With my luck, my shares will show up as being "in review" for 3-4 weeks and then eventually the cash will be returned to my brokerage account.

Fred

  • Hero Member
  • *****
  • Posts: 1421
    • View Profile
Re: Fairer Solutions to Excess Investor Demand
« Reply #154 on: September 11, 2013, 05:58:33 PM »
As for the LC IPO, I think that all LC Investors should be given a chance to purchase " Friends and Family" shares, or to participate in some sort of Dutch Auction Pre-IPO.  Anyone else agree?

Ha ..., ha ..., this would be nice.  8)

However, I am not sure that the management or underwriters would like to see the value of their shares reduced by "Friends and Family" dilution or the Dutch Action.  In general, IPO valuation is priced so that the shares will rise about 15% on the first day.

DanB

  • Hero Member
  • *****
  • Posts: 665
  • A lie told often enough becomes The Truth!
    • View Profile
Re: Fairer Solutions to Excess Investor Demand
« Reply #155 on: September 11, 2013, 06:21:56 PM »
As for the LC IPO, I think that all LC Investors should be given a chance to purchase " Friends and Family" shares, or to participate in some sort of Dutch Auction Pre-IPO.  Anyone else agree?

Heck yeah!  Even though I would question the financial wisdom of doing so, I'd be all over that just for the fun of it.  Excellent idea.  I think you should be allowed to purchase one round lot for each day that you tried to invest in notes but couldn't due to short supply.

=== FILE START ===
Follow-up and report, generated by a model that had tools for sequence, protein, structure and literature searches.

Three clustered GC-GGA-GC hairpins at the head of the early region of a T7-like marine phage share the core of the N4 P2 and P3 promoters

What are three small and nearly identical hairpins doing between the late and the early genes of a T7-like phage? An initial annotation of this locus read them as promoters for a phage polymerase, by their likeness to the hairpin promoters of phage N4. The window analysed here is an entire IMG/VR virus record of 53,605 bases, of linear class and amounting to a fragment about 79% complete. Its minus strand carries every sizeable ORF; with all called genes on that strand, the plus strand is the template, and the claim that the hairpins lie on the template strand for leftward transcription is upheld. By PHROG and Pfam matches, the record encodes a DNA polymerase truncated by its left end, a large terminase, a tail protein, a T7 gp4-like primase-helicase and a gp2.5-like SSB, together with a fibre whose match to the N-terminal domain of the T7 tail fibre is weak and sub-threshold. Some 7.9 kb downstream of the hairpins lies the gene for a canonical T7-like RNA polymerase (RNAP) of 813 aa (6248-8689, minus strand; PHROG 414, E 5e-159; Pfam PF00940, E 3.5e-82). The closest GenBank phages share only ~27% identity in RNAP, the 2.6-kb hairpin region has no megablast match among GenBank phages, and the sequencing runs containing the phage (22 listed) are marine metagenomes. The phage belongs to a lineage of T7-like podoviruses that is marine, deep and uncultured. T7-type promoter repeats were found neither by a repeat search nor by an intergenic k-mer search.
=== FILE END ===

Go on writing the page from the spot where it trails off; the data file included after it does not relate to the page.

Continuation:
With my luck, my shares will show up as being "in review" for 3-4 weeks and then eventually the cash will be returned to my brokerage account.

Haven't you heard? They've already made the decision to set aside a special class of stock just for you. It'll become available for you to purchase once the regular shares have risen by 70% or more.............& you can only trade on it once every 90 days.  :)

nonattender

  • Hero Member
  • *****
  • Posts: 725
  • I am not here.
    • View Profile
Re: Fairer Solutions to Excess Investor Demand
« Reply #156 on: September 14, 2013, 05:53:18 PM »
The biggest obstacle to a "solution" for this issue is the SEC.  They, if memory serves (and it usually does), demanded that Prosper
dismantle their "standing order" feature and instead replace it with a "shopping cart"-like system which required investors to login,
manually approve each "basket", and then "invest".   Prosper then had to work around that, w/AQI, which has features similar, but
not identical, to the old "standing order" feature - you set your targets and then when a loan is listed AQI will (via an excel macro!)